| Is Death as Frightful as It Seems? Essay

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Dickinson once put a question in a letter to Abiah Root, “Does not Eternity appear dreadful to you…I often get thinking of it and it seems so dark to me that I almost wish there was no Eternity. To think that we must forever live and never cease to be. It seems as if Death which all so dread because it launches us upon an unknown world would be a relief to so endless a state of existence”. Emily Dickinson was known as a “white hermit”. She did not leave the house during the last twenty years of her life, wore only white clothes, and talked even with rare visitors through the slightly open door. All her “quirks” emanated from her intimate life and the spiritual situation that, at those times, prevailed in America and New England. Actually, all the reasons were rooted in Romanticism as a form of protest against spiritual impoverishment and meanness of the world, which surrounded the poetess; the world with all its wars, struggles for social position, influence, and literary acceptance.

Dickinson’s poem Because I could not Stop for Death was written in 1862. There are several facts from the poetess’ life that might have caused her to write this poem. On April, 12, 1862 Thomas Wentworth Higginson received a letter from her, in which she asked his opinion about her poems and literary style. The poetess sent the famous critic four poems; one of these poems had been worked over many times. Hoping that her works would be accepted by such an outstanding figure as Higginson, Dickinson wrote an accompanying letter, asking the latter “to say if her verse was alive.” The excerpt from her letter that follows highlights her hopes, “Should you think it breathed—and had you the leisure to tell me, I should feel quick gratitude; If I make the mistake – that you dared to tell me – would give me sincerer honor – toward you” (Lowell).

The critic, however, was not impressed by the verses he received. His attitude towards Dickinson’s poetry could be characterized as scornful. This is what he has written in his letter to James T. Fields, Atlantic Monthly editor, “I foresee that “Young Contributors” will send me worse things than ever now. Two such specimens of verse as came yesterday & day before – fortunately not to be forwarded for publication!”. Although Higginson was interested in the poetess’ poems, he felt that they were “raw” enough – lacked good structure – and he could not imagine that those works could give birth to a published poet. That is why Higginson advised Dickinson to work harder and longer on her poetry before she tried to publish it. Presumably, this rejection of her literary personality might have influenced her decision not to be published at all; and, from this standpoint, Because I could not Stop for Death could stand for her death as an accepted poetess. At the same time, Dickinson responded to Higginson’s piece of advice in the following way, “I smile when you suggest that I delay “to publish” – that being foreign to my thought, as Firmament to Fin”.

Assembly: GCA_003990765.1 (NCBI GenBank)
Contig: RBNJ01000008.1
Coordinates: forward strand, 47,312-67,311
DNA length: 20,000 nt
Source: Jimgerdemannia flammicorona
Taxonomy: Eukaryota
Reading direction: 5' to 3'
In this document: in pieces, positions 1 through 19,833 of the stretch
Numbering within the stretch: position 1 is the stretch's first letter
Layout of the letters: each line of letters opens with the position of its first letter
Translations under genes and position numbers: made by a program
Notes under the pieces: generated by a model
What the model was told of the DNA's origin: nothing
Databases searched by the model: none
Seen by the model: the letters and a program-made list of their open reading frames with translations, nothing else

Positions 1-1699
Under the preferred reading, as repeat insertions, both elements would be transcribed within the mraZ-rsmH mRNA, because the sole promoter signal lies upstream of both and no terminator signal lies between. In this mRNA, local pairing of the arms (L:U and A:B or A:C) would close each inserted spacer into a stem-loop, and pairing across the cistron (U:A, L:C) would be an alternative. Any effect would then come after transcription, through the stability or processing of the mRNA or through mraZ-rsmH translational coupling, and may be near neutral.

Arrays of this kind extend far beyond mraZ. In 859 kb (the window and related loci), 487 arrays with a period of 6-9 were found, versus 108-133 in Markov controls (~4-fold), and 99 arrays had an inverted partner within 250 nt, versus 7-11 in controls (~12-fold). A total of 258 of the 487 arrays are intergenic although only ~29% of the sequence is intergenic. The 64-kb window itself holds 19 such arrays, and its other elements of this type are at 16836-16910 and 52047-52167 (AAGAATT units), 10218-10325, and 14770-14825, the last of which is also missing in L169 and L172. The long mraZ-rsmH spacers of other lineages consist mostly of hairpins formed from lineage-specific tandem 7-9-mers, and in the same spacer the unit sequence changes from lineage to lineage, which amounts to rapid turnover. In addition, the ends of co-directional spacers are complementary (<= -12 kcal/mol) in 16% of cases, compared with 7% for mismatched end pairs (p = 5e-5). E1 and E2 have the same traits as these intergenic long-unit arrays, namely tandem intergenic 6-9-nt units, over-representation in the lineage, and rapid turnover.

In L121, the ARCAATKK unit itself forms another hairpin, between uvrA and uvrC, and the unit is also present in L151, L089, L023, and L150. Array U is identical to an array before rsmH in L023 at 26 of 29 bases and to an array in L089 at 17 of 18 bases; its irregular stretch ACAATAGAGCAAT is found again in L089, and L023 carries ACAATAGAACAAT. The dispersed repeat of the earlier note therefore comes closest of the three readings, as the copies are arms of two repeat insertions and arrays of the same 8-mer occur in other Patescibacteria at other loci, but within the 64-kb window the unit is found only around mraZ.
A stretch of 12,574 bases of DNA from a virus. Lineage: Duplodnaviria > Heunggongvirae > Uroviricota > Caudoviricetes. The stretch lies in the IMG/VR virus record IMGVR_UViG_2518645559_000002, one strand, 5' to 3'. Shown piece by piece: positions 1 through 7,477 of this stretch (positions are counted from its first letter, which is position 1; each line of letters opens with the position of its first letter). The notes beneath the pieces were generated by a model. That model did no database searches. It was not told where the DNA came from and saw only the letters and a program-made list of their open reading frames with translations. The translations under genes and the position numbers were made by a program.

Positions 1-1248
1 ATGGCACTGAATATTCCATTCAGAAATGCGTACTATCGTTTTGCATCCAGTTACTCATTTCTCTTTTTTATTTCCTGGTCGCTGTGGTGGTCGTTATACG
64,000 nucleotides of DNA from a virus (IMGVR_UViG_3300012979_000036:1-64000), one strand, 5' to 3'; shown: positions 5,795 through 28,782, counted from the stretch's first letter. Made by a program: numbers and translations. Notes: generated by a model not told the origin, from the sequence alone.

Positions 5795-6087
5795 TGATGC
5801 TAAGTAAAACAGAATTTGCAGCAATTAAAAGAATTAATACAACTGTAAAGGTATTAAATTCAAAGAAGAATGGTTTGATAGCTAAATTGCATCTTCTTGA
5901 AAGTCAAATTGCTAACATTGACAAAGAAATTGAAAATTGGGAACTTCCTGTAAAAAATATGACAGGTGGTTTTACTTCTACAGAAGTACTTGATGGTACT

Apart from this literary defeat of the poetess, one more real event might have served as the background for the poem in question. In 1855, Dickinson got acquainted with the Reverend Charles Wadsworth, and they fell in love (despite the fact that the man was married). They carried this reciprocal love throughout their lives – love consisting of continuous parting and love absolutely hopeless (as both were people with high moral principles). After an unexpected visit to Dickinson’s home in 1860, Wadsworth left for the West Coast in 1861 (some critics mention it happened in 1862). According to Dickinson’s biographers, exactly this event has made the poetess put on white clothes and start leading a secluded life. That is why it may be reasonably argued that the departure of Dickinson’s “dearest earthly friend” has caused her inner crisis and, presumably, death of hopes for proximity with the beloved person.

Trying to consider the poem in the frames of real life, one can draw parallels between the carriage ride with Death in the poem and the same carriage ride with Charles Wadsworth, who visited Emily unexpectedly in 1860. Surely, the poetess could not but join her beloved man; that is why she had “put away her labor and leisure.” Emily’s sister Lavinia was even afraid that Emily would go away with Charles, but both returned. This carriage ride has really had a profound negative influence on poetess’ health, both mentally and physically. Dickinson did not leave her room and stayed in bed during the week after the meeting. It seemed that she had experienced a shock; therefore, her family decided to call for a doctor. The latter told that Dickinson’s nervous system had suffered a shock, the causes of which could not be established. As a result of the experienced stress, the poetess’ eyesight started to decline rapidly. This is the source, where human innate weakness, which is depicted in the poem, emanates from.

Taking into consideration the abovementioned facts, which prove that Dickinson’s fate was deeply tragic (secluded life; death of the nearest people and the inability to incarnate her love dreams), there is no wonder that she welcomed death as a release from the cruel world that rejected and despised her. From this standpoint, it becomes clear as well why Dickinson personified death in the poem. As Richard Chase (1957) mentions, “the personification of death, however, is unassailable. In the literal meaning of the poem, he is apparently a successful citizen who has amorous but genteel intentions. He is also God”.